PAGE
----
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Malcolm Molyneux obituary

·4-min read

Tropical medicine researcher who advanced understanding of malaria and helped improve healthcare in Malawi

When Malcolm Molyneux, who has died aged 77, went to the Queen Elizabeth Central hospital in Blantyre as a consultant in 1974, he developed a keen sense of some of Malawi’s major health problems and the research needed to address them. None was more pressing than malaria, which at the time killed about 1 million people every year, mostly children in Africa.

A decade later he moved on to the Liverpool School of Tropical Medicine at the University of Liverpool. With an American colleague, Dr Terrie Taylor, he raised funds from the Wellcome Trust and US National Institutes of Health to open a research ward adjacent to the children’s department in Blantyre, and began studying malaria there in 1990.

Some of his earliest work was on cerebral malaria, the mysterious and often fatal coma that affects children infected with the malaria parasite. Malcolm identified factors associated with severe disease and developed a new score to assess severity. The Blantyre Coma score, as it became known, is still in use today; the original publication has been widely cited in later research papers.

With a better definition of what cerebral malaria was, it became possible to investigate its cause and develop treatments. As the Malawi research programme grew, other major health problems were addressed, including chest, gastrointestinal and brain infections, as well as HIV; on a typical ward round in the late 1990s it seemed that every child was accompanied by a grandparent because the virus had wiped out a whole generation of parents. In the local language, Chichewa, Malcolm would always comfort, even if he could not cure.

He played a critical role in the formation of the College of Medicine at the University of Malawi in 1991, by ensuring that research was considered a key element within it. In 1994 a formal research partnership was established between Liverpool and the College of Medicine, and Malcolm soon returned to Malawi to lead what ultimately became the Malawi-Liverpool-Wellcome Trust (MLW) programme. In all he spent 30 years in Malawi.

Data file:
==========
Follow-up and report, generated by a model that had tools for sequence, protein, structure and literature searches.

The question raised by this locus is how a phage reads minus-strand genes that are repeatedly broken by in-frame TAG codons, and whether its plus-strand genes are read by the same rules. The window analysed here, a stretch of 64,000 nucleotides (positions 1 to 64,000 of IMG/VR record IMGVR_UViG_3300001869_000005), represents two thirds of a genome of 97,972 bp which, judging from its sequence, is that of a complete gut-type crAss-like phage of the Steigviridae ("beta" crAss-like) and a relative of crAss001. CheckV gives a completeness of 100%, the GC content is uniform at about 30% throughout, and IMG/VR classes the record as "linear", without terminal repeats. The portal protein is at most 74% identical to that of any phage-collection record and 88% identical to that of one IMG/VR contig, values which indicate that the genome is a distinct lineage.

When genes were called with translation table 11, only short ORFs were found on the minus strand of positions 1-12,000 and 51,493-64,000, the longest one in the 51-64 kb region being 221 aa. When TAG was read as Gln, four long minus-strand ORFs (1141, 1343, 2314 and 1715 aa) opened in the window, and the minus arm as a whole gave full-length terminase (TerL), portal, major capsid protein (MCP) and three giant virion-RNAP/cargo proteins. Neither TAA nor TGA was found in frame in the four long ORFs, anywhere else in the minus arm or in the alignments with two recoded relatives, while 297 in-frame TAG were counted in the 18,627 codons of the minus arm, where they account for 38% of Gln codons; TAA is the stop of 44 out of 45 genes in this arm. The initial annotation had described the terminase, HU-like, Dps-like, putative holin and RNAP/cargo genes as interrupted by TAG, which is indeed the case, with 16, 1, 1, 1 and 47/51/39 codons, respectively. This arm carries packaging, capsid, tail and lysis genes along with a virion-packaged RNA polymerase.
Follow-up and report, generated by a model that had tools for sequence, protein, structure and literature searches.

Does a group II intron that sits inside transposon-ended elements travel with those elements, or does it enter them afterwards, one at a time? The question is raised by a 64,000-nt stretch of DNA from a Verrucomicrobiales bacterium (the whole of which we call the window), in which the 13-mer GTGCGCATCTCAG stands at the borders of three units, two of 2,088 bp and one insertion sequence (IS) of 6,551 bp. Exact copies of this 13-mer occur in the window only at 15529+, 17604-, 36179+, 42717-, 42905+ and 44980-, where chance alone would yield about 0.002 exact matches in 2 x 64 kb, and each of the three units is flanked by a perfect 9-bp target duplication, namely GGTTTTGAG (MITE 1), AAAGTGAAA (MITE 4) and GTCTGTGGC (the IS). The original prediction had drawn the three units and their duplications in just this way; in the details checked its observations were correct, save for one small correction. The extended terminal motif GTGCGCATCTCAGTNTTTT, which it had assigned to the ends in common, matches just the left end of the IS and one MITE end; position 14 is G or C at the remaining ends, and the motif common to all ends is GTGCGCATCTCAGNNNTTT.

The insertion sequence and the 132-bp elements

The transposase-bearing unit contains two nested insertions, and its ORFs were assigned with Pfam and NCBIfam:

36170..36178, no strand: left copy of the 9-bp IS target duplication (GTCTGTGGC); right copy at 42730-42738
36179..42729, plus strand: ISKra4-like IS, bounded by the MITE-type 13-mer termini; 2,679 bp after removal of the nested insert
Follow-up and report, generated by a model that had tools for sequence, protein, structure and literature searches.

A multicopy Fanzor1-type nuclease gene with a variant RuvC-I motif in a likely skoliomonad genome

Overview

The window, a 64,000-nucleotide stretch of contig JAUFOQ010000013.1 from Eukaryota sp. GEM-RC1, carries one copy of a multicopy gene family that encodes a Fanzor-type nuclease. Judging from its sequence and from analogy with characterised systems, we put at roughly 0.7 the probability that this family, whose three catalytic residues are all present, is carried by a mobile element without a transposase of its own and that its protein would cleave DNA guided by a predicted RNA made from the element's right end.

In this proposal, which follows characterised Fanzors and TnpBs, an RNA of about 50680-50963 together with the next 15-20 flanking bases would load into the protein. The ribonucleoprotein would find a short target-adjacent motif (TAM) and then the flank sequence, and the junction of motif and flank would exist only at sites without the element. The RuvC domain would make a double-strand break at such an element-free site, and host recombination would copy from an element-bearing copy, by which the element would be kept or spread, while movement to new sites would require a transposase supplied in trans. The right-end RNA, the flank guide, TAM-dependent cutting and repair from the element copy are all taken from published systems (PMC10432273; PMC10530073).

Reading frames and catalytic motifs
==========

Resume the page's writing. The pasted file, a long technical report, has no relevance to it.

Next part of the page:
While his research focused on improving immediate patient care, he supported many others in their attempts to better understand the underlying mechanisms of disease in order to arrive at new therapies, and encouraged the development of talented young clinicians and scientists.

In addition to helping Malawian scientists, he supported young investigators from the UK and other high-income countries. He insisted that those with medical backgrounds should help with the clinical workload, as well as pursuing their research interests.

Twice a year he returned to Liverpool to teach. His combination of laconic humour and natural story telling made him a memorable, if unconventional, lecturer. He would often abandon his slides and perch on a desk, arms folded, to chat informally about the subject. By the time he retired as director of MLW in 2007 there were more than 400 people working there, including both local and foreign clinicians and scientists. He continued living in Malawi until 2015, supporting and mentoring informally, and displaying limitless enthusiasm.

Malcolm had himself started life in Africa. Born in the Belgian Congo (now the Democratic Republic of the Congo), he was the son of missionary parents, Joyce (nee Gammon) and Colin Molyneux, and went to the Sakeji Mission school in Northern Rhodesia (now Zambia). After gaining a natural sciences and then a medical degree (1967) at Cambridge University, he completed his postgraduate clinical training in London. There he met Elizabeth Neech, and they married in 1969.

As a medical student he had briefly visited Malawi, and after five years working in London returned there with Liz and their young family. Initially the couple worked as medical missionaries in a remote hospital. Although his faith remained important to him, Malcolm did not foist it on others.

Liz went on to become professor of paediatrics at the College of Medicine, and in 2006 they were both appointed OBE. Malcolm edited several medical journals, and advised the Malawian government and World Health Organisation.

In retirement he remained as active as ever, cycling from Land’s End to John O’Groats, with a climb of Ben Nevis along the way, a challenge taken up by others as The Length and Height of Britain; he then cycled to the island’s most northwest, western and eastern points. These ventures, which he managed despite having chronic leukaemia, raised thousands of pounds for the hospital in Malawi and other charities.

He is survived by Liz, a daughter, three sons and 11 grandchildren.

• Malcolm Edward Molyneux, medical researcher and director, born 20 November 1943; died 16 November 2021

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